Monday, 18 February 2013

Vicar Linkthorpe has a Visitor (Fekenham Swarberry)


I had the good fortune yesterday, although luck had little to do with it as I was taking my morning constitutional, to be passing the vicarage when Elvis Linkthorpe called out to me.

“How about a spot of tiffin?”  He asked in that phlegmatic manner he has.

I, having done all I could with regard to writing, with my latest project progressing nicely, readily agreed. The vicar’s mistress, how incongruous those two appellations seem when said together, was out ‘seeing to business’ as he put it as he ushered me in with wave of his hand.

The vicarage nestles neatly beside St. Whipplemores. It has seen a host of curates and vicars but none, I suspect, quite like Elvis Linkthorpe who arrived in Fekenham in the early seventies bereft of cash but laden with hash, hashish that is. An uncommon commodity for a cleric to carry you might say, and who am I to argue, but then again there is nothing commonplace or conventional about the current village vicar.

As I settled myself into a cosy chair Linkthorpe asked me if I would like anything to drink.

“A small aperitif perhaps?” He suggested winsomely.

I said that would be most welcome requesting a glass of pale sherry.

“Not sure I have any but I think I might have something similar that Susanne brought with her from France.”

He set a glass filled with a greenish liquid in front of me that gave off a slight smell of aniseed. It wasn’t an unpleasant taste so I sipped nonchalantly away with vigour. He then pressed into my hand a plate that had neatly sliced upon it some fruit cake.

“From Ethel.” He whispered conspiratorially.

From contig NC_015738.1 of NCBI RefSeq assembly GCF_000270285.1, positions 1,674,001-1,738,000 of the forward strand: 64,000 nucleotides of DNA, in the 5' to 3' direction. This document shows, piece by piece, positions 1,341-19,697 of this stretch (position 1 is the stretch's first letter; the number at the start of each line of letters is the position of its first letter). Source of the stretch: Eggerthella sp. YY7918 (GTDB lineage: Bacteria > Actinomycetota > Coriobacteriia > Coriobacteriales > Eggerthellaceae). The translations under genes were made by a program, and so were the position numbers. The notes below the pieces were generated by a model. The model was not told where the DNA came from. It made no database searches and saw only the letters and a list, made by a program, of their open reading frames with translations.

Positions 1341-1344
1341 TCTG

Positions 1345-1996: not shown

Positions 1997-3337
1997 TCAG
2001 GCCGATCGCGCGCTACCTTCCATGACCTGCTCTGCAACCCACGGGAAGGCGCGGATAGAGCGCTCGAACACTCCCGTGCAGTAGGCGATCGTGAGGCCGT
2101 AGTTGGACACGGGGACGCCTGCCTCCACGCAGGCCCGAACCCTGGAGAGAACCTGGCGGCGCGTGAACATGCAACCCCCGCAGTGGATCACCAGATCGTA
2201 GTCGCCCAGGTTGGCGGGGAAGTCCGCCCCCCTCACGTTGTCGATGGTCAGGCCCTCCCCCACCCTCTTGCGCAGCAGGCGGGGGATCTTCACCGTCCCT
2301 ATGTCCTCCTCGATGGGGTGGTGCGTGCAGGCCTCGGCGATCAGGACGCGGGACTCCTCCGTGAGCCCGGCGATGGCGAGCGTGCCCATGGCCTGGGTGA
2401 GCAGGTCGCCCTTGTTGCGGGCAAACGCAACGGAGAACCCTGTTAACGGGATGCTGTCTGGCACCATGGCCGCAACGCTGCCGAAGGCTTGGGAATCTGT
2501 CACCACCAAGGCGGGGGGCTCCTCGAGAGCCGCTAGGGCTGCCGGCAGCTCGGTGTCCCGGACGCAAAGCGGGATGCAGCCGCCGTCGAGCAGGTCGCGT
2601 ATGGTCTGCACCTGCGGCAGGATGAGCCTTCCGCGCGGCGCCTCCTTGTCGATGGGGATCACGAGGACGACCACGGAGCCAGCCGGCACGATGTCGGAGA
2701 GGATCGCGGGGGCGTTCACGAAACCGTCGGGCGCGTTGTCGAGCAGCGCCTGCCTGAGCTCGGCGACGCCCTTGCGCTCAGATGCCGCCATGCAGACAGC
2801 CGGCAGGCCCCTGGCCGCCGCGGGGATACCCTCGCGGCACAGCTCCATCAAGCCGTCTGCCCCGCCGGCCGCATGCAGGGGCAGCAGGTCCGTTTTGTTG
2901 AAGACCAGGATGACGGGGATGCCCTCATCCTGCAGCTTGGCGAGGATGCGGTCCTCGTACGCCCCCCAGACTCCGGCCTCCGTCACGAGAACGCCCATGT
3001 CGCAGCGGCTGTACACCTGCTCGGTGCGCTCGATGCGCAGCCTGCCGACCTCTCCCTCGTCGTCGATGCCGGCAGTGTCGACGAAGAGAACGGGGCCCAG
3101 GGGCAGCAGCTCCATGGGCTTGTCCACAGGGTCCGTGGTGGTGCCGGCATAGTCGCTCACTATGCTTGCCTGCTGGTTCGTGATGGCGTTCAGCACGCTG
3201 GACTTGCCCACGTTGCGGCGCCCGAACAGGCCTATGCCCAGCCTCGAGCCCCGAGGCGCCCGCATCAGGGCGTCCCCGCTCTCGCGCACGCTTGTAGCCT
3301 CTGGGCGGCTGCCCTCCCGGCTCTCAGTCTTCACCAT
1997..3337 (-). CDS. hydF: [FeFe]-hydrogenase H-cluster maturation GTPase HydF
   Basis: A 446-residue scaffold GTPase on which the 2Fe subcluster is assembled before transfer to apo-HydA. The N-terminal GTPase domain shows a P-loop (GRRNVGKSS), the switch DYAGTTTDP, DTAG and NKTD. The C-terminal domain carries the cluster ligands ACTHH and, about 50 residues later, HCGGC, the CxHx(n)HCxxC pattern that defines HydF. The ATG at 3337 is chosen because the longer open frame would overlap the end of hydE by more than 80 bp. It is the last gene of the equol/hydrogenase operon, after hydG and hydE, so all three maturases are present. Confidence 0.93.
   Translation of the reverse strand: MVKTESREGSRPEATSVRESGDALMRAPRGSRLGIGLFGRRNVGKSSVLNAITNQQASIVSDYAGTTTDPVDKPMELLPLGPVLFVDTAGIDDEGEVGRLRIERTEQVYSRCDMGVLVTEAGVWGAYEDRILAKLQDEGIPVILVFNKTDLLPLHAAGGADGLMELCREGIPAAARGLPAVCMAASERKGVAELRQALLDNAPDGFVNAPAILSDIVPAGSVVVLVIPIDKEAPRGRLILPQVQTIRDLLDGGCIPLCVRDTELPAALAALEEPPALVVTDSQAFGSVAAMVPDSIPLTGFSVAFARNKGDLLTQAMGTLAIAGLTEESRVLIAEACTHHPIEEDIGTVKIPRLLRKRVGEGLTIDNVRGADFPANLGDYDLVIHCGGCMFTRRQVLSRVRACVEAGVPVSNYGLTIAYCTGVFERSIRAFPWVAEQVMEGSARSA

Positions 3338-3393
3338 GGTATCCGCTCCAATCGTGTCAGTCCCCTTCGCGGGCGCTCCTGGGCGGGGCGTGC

“Sort of like Somerset Maugham. “ I quipped as the effects of the alcoholic beverage left my head feeling light. He furrowed his brow obviously nonplussed.

“Cakes and ale or in this case cakes and, whatever this drink is.” I elaborated.

“Absinthe.” He intoned slurping noisily from his glass. “Thought I’d give the ginger wine a rest and see how this Gaelic tipple compared. Rather nice too I think.”

I concurred while eating cake and swilling aniseed tasting alcohol.

“I have to say this cake is very flavoursome, special recipe?”

He smiled knowingly nodding his head.

“Indeed. Ethel uses a home grown ingredient she adds to the mix. Gives it a bit of zing doesn’t it?”

I had to agree that a certain punch did strike the palette as I chomped then swallowed the tasty patisserie. Whatever active ingredients had comingled with fruit and flour together they produced, when blessed with the aniseed potion, an exhilarating sensation that not so much flooded my senses but rather hijacked them with a firm imperative. I had never felt so alive before. I could see that the vicar too appeared lifted, energised somehow.

“What say we pop out and paint the town red as it were.” suggested the vicar with sudden vitality.

“Fekenham?”

“Maybe Muckleford?”

“What about Winchester?”

“Winchester it is!”

Flying from our seats like spring propelled acrobats the pair of us hoofed it out of the vicarage filled with a sense of sang-froid that teetered on the edge of madness. If it wasn’t sang whatsit then it jolly well was ce la vie, something exotic and French anyway. Linkthorpe had the presence of mind to grab hold of the greenish booze we had been consuming and together we skedaddled of to the Wessex capital.